Central banks could soon turn their taps back on

The Bank of England
The Bank of England

Gold has just hit an all time high of $2,100 an ounce. Bitcoin, touted as a digital version of the precious metal, has soared back above $40,000 a unit, doubling in a year. Even the bond market is rallying.

There is a stark message in those extreme price movements. It is not just that interest rates may have peaked as inflation starts to come under control. The markets are betting that central banks will soon have no choice but start printing money again to bail out bankrupt governments.

The stock market has been drifting aimlessly for the last month, and currency rates have been broadly stable. But the price of gold has now surpassed the all time highs reached in the wake of the 2008 and 2009 financial crisis. Although there are lots of skeptics about the precious metal, it has risen five-fold over the last twenty years – more than can be said for most other assets. Measured in sterling, it has done even better, rising from £234 an ounce two decades ago to more than £1,500 an ounce now.

Likewise, Bitcoin, which enthusiasts like to portray as a digital version of gold, is now back above $40,000 a unit. It has more than doubled over the past year, rising from $16,000 a unit, and it is getting back towards the levels last seen at the height of the Covid pandemic. People keep on writing Bitcoin off as a flimsy get–rich-quick scheme that will soon collapse. Yet it keeps on bouncing back, often stronger than ever.

True, there are some perfectly straightforward explanations for why the price of both assets is going up. The gold price has been static for a long time, and when interest rates are rising, as they have been for the last twelve months, you would expect it to fall in value. Meanwhile, the Chinese Central Bank has been a big buyer throughout this year, perhaps preparing itself for financial sanctions from the US if there is a conflict over Taiwan.

And Bitcoin is always very volatile. After the collapse of FTX, the main crypto exchange, it was bound to take a hit to its price, not least because it was harder to trade. In the background, inflation is starting to fall, and interest rates may soon come down. That has sparked a rally in the markets – globally bonds added $390 billion in value in the last week alone – and that has spilled over into other assets.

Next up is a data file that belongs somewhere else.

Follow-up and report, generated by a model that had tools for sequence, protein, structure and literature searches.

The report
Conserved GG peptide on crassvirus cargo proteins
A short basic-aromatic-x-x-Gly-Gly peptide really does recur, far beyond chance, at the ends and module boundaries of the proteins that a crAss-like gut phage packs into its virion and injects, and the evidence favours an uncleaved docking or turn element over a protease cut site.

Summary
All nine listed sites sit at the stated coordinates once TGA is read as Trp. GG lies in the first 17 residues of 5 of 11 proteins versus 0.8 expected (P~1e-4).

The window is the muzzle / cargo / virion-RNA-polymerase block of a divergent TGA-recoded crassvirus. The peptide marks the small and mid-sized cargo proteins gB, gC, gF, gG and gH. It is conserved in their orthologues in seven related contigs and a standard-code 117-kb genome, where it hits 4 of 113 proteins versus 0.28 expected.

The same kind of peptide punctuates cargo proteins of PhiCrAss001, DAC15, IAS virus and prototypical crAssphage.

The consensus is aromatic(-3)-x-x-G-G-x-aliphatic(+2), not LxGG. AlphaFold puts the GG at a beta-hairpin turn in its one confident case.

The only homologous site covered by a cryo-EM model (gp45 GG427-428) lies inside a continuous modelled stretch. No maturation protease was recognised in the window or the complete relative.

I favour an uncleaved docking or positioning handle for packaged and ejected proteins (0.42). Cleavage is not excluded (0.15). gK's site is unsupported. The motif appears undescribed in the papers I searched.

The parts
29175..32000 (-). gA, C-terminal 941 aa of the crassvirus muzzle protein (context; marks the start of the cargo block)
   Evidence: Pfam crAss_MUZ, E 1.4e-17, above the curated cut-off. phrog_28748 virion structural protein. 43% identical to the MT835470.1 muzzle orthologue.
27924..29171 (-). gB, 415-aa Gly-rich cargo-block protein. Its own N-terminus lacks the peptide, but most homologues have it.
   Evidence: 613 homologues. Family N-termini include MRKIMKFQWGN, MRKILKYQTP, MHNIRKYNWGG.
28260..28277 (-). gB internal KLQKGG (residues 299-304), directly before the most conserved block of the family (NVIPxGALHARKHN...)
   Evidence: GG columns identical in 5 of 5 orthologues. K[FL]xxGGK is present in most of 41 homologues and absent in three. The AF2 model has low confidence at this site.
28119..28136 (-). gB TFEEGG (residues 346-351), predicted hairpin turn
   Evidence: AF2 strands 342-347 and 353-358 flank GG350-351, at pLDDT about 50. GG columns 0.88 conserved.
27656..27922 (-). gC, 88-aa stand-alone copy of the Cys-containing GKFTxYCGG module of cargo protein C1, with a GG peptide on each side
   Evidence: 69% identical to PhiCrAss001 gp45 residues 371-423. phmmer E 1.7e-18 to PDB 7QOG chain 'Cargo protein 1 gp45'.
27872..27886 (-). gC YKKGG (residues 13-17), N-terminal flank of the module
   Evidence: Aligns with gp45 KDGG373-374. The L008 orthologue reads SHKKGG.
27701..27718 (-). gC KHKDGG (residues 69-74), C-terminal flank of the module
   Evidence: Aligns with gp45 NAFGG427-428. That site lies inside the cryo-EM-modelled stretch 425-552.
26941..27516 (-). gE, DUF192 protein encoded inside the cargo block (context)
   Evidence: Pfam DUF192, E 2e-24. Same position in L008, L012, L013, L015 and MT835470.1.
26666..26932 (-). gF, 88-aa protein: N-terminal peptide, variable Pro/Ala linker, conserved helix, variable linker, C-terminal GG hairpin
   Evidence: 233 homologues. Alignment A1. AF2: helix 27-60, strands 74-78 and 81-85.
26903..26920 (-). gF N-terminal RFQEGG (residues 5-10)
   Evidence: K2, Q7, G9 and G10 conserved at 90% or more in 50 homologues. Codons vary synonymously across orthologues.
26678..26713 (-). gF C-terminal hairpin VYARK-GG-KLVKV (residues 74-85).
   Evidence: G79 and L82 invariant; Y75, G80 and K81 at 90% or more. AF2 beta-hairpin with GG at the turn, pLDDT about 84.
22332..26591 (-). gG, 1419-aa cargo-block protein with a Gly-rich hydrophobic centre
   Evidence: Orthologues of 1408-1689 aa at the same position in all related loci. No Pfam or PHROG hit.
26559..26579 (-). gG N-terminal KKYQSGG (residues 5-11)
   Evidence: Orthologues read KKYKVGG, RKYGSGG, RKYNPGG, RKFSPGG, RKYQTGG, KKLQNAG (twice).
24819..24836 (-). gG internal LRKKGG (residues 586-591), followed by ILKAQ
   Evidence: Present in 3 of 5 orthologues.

And yet, there could be a bigger explanation. Both gold and Bitcoin are a way of positioning a portfolio for one significant development: the world’s major central banks starting to print money again. Gold (for a couple of millennia at least), and Bitcoin are fundamentally a hedge against the debasement of the currency. There is only so much gold in the world, with mining adding marginal amounts each year, so it holds its value when there is lots of paper currency floating around. The same is true for Bitcoin. Indeed, it was specifically designed to be outside the control of central banks, and to offer a more reliable store of value.

Will we see a restart of quantitative easing? There are two reasons to think that we might.

First, central banks have over-done the rise in interest rates, going from close to zero to 5pc or more in the space of a year. The money supply figures, which most central banks seemed to have been ignoring, already suggest we are heading into a deep recession.

Economies in France and Germany are now shrinking while the UK is stagnant, and may well be contracting again soon. The US is still expanding at a rapid clip of course, but that is partly thanks to President Biden’s $700-billion splurge of industrial subsidies. In a recession, central banks will slash interest rates, and may well restart QE as well.

The second, and more important reason, is this. Bankrupt governments don’t have any other alternative. Interest bills have soared for governments that have far more debt than in the past. In the UK, debt interest now takes up 10pc of government spending. It is the largest single item of government spending after the NHS. In the US, the annual interest bill has soared past $1 trillion a year. In France, the finance ministry forecasts that the cost of servicing its debts will rise from 41 billion euros this year to 71 billion euros by 2027.

In the UK, an incoming Labour government plans huge new spending programmes, while a second term Biden administration will double down on its industrial plan. Governments are borrowing cash simply to service the debt on all the money they already owe. It is unsustainable.

The only way governments will be able to keep the show on the road is to start printing money again. Sure, we don’t quite know what the excuse will be. It could be a recession, with the argument that only QE can fight that. It might well be climate change, with “green money” printed to finance the energy transition. Or it might be some version of People’s QE, an old favorite of the Labour Party.

The important point is this. The markets are betting it will happen very soon – and that gold and Bitcoin will be the only real beneficiaries of another wild, self-indulgent round of printed money.

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